"As has been seen in other NHS trusts nationally, demand for mental health services has steadily increased over the past five years from people who are increasingly more unwell than before and we are seeing more and more people in crisis. This, in turn, puts more pressure on all of our services.

"We are working in partnership with our commissioners to collectively manage these issues and to ensure that people coming to the attention of the police receive an assessment of their mental health needs as soon as possible and are directed to appropriate services at the earliest opportunity.

"This includes mental health staff in Norfolk working in the police control room and attending appointments with officers when police identify someone who is a person of concern and may require mental health support."
Child mental health unit referrals " Up nearly 50%. "

Referrals to child mental health units from UK primary schools for pupils aged 11 and under have risen by nearly 50% in three years, the BBC has learned.


Replies to Freedom of Information (FOI) requests from 46 health trusts indicate they rose from 21,125 to 31,531.

Seven trusts said they had rejected an individual pupil for treatment at least five times over the last four years.

The Department for Education says it is "determined to improve mental health support".

Pupils had also spent more than a year on a waiting list for mental health services at 12 different trusts.

"These figures are deeply worrying and build on evidence which shows emotional disorders in children have increased in recent years," said Dr Bernadka Dubicka, chairwoman of the child and adolescent faculty at the Royal College of Psychiatrists.

"Services for children have been historically underfunded meaning they are unable to meet increased demand," she added.

"The government's aim to provide mental health support in all schools within the next 10 years will be too little, too late for many children who need that help now."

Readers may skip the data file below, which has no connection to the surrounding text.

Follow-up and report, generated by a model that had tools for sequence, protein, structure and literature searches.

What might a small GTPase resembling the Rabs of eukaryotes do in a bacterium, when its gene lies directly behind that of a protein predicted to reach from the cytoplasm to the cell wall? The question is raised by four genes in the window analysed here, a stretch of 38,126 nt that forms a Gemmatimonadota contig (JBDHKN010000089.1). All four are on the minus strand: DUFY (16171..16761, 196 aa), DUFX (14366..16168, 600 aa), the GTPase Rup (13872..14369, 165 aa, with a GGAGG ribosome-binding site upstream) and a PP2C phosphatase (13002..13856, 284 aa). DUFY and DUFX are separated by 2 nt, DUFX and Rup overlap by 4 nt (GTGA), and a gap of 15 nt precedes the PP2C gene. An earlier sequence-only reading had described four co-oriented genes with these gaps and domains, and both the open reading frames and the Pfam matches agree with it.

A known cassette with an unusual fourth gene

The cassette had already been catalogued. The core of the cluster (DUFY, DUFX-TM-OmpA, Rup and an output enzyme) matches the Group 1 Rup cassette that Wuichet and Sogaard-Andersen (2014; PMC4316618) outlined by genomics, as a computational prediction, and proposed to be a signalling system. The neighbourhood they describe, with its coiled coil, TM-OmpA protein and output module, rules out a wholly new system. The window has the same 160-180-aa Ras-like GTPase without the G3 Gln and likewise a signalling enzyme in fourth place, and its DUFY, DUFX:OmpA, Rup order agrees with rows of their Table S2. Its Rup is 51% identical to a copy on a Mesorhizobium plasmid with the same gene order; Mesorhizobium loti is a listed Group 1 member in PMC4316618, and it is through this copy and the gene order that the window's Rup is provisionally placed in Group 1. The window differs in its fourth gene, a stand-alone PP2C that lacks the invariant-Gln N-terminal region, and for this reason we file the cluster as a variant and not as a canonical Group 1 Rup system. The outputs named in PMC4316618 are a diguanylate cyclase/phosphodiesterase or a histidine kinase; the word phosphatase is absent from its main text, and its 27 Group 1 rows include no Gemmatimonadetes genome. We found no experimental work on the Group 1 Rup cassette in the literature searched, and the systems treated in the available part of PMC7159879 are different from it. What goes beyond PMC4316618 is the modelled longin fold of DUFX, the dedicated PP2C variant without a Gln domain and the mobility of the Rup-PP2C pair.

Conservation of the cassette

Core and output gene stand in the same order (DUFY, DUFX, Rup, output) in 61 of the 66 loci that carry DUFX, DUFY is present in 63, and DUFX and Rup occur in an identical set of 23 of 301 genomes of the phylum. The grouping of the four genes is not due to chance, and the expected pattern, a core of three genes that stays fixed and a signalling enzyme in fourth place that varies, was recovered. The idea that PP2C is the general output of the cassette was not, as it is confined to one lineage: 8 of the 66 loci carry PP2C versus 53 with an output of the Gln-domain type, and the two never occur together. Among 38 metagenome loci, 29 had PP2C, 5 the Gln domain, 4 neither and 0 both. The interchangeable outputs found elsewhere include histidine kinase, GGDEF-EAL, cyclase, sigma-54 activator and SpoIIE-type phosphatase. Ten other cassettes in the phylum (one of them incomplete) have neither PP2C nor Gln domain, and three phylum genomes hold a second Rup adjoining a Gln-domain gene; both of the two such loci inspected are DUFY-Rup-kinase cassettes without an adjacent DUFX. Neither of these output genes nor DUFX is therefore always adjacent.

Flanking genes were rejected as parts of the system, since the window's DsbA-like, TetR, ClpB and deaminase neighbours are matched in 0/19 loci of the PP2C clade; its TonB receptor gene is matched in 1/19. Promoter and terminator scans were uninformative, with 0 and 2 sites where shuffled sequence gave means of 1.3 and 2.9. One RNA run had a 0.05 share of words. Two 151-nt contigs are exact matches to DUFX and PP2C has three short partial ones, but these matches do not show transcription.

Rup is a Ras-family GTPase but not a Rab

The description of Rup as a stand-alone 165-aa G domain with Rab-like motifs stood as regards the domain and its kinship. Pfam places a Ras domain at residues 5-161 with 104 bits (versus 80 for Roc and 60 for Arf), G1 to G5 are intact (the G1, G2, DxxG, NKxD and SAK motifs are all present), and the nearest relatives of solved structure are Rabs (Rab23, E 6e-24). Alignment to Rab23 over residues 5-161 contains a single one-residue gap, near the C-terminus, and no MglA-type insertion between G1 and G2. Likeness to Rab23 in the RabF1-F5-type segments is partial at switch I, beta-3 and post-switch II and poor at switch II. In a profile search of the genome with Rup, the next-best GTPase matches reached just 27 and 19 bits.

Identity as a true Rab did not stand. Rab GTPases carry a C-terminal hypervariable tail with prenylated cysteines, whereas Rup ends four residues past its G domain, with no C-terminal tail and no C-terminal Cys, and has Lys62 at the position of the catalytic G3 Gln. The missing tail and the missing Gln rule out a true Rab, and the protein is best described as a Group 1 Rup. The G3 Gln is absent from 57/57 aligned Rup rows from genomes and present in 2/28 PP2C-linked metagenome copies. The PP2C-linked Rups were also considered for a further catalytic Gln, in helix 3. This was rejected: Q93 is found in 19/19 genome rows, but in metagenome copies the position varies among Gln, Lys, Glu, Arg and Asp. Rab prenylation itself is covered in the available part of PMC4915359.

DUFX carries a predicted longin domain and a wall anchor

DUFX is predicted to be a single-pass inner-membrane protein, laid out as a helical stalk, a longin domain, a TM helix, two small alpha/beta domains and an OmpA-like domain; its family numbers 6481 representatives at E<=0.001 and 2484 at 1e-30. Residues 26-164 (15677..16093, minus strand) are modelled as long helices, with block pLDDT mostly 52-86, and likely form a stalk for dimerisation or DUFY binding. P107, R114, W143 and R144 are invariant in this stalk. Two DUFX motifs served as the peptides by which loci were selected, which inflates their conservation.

" Acute crisis "

Head teachers have told the BBC that the number of serious mental health episodes is on the rise in their schools.

One pupil was rejected for treatment on nine occasions and another spent nearly three years on a waiting list.

"We're seeing an increase year on year - more and more children with a variety of problems and it just seems to be getting harder and harder to manage", said Dani Worthington, head teacher of Moorside Community Primary School in Halifax.

"We've seen children headbutting walls, punching walls, kicking walls, and this can sometimes happen on a daily basis for these children as they're going through some sort of crisis."

Sue Blair, head teacher at Pennine Way Primary School in Carlisle, said: "I think the crisis is really acute."

She added that she is seeing self-harm in seven and eight year-olds, and pupils struggling with online bullying and eating disorders before they reach secondary school.

BBC News also sent FoI requests to 500 primary schools in England about serious mental health episodes.

It found that 191 primary school pupils had self-harmed on school grounds in the last four years, according to responses received from 155 schools.

These responses, and an account from a further school, also revealed that four pupils have attempted to kill themselves on primary school grounds over the last four years.

What to do if you are worried about your child

Although children often feel low from time to time, if your child is feeling unhappy and low for a prolonged period of time, it is time to seek more professional help.

Any professional working with children and young people should know what to do - for instance a teacher, school counsellor or welfare worker.

If the problem is complex, they may suggest approaching a specialist.

GPs can refer young people to specialist child and mental health services, or parents to a parenting programme.

Head teachers say securing mental health support for pupils can be a real challenge.

Clem Coady, head teacher at Stoneraise School in Carlisle, says he knows of a pupil "experiencing extreme mental health distress" who has been waiting two years for an assessment.

"I find it really abhorrent, there's nothing that we can realistically do that is going to give the child the help that child needs."

In a statement, the Department for Education said: "We are determined to improve mental health support for children and we are transforming services through the NHS Long Term Plan - backed by an extra £2.3bn a year - so that 345,000 more children and young people have access to specialist mental health care by 2023-24."

It said its mental health support teams are "training a new dedicated mental health workforce for schools and colleges across the country".